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Silvercord
03-14-2004, 02:11 PM
yes this is probably a really stupid question, but 1/x doesn't have an integral right?

I wrote a scripting language to graph the areas under the curve (using a numerical approximation algorithm) and on any interval with -x and x (the absolute value of x is the same) I always get an area under the curve of zero, which is what it *seems* like it should be if you consider negative area (then they just cancel), but I can't exactly prove it.

Also, I'm not in college, so if you DO have some fancy proof I probably wont' understand it anyway because i suck

EDIT:
the only thing I can think of is to say that the functions are changing at the same rate when they are the same distance from zero, and that might satisfy that they are approaching the 'same infinity' (i.e i guess you cannot prove that the tangent of x from 0 to PI is approaching the 'same infinity' at pi/2, my math teacher said that one could 'approach infinity before the other' in which case the area is either positive or negative infinity but not zero).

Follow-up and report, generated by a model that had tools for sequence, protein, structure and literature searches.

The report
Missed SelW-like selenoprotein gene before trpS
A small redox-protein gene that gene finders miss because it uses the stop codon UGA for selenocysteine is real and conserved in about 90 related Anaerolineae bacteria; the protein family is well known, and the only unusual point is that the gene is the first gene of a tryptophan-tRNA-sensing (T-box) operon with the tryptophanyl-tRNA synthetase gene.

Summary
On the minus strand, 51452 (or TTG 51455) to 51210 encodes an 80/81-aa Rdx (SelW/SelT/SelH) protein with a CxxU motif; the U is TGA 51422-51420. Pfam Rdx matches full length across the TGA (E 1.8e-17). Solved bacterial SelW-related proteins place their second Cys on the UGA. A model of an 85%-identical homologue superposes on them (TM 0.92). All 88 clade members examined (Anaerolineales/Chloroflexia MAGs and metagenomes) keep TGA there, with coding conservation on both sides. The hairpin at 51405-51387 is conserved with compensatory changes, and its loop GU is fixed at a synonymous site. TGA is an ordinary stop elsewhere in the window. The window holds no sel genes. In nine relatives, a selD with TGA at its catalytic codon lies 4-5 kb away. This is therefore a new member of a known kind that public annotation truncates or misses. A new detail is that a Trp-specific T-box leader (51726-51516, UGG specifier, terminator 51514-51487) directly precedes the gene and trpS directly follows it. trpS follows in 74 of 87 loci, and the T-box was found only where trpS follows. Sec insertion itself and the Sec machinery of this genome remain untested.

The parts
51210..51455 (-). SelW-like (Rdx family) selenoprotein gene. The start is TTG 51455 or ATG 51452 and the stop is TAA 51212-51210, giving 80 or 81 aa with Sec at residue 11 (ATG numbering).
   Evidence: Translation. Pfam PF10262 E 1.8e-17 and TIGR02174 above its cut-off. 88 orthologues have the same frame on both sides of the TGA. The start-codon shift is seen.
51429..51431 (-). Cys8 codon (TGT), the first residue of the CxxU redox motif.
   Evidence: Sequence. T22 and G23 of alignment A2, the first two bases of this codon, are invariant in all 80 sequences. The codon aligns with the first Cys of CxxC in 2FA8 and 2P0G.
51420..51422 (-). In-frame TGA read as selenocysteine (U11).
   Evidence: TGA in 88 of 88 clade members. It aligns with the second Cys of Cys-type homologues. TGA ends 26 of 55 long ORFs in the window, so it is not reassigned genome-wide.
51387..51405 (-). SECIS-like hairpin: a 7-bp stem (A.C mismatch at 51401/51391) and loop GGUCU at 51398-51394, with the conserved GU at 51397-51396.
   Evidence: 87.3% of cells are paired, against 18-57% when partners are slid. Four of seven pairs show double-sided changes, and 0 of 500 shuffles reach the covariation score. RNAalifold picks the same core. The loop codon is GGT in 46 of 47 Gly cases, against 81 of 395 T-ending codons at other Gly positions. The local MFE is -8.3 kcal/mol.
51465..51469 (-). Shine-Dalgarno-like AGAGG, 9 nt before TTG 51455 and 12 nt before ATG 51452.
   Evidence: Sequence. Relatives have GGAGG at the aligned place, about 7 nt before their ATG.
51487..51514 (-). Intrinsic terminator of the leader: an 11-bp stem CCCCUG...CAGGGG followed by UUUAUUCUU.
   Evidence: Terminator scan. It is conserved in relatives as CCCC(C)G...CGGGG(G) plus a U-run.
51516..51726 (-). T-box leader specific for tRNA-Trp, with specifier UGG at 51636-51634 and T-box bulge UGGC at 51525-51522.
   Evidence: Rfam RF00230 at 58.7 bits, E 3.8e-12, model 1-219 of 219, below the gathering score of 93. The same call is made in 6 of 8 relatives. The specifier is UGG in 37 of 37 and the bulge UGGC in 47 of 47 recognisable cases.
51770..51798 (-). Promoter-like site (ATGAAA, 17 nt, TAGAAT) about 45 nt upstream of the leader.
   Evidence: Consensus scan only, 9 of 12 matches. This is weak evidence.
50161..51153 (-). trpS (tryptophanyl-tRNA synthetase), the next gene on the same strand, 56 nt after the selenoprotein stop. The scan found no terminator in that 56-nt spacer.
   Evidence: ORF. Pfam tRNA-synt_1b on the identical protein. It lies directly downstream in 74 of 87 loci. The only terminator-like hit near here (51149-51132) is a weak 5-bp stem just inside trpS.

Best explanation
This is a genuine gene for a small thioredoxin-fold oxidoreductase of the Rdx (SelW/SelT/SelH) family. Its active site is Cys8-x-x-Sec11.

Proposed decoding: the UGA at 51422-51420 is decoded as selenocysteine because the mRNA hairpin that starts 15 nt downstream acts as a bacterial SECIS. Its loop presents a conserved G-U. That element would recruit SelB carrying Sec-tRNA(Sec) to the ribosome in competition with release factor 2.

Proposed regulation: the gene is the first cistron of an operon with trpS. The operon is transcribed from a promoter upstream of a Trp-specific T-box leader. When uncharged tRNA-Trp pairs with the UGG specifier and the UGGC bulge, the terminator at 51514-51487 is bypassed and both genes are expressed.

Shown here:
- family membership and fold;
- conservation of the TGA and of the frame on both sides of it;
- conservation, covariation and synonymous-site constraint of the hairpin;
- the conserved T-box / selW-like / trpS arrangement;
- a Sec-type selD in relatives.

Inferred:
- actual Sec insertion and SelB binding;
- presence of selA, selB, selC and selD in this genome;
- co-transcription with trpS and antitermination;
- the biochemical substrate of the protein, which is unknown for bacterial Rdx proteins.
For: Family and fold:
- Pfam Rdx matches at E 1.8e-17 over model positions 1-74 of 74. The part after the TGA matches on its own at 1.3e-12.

axon
03-14-2004, 02:24 PM
well I wont prove it for you, but the integral of 1/x is ln(|x|)

this .pdf might be handy: http://www.riverdeep.net/math/tangible_math/tm_handouts/investig/fi47.pdf

Silvercord
03-14-2004, 02:39 PM
hmm, as soon as I read that I remembered that the derivative of ln(x) is equal to 1/x but I've never read a proof.

That looks like a good link. I'm just thinking right now.

Thanks :)

Silvercord
03-14-2004, 02:53 PM
wait, something else I want to know, what is ln(x) limited by as x approaches infinity? I don't know if I'm already supposed to know this or what.

EDIT:
I guess it's limited by infinity?!¿ That's weird because it's getting slower and slower, but isn't limited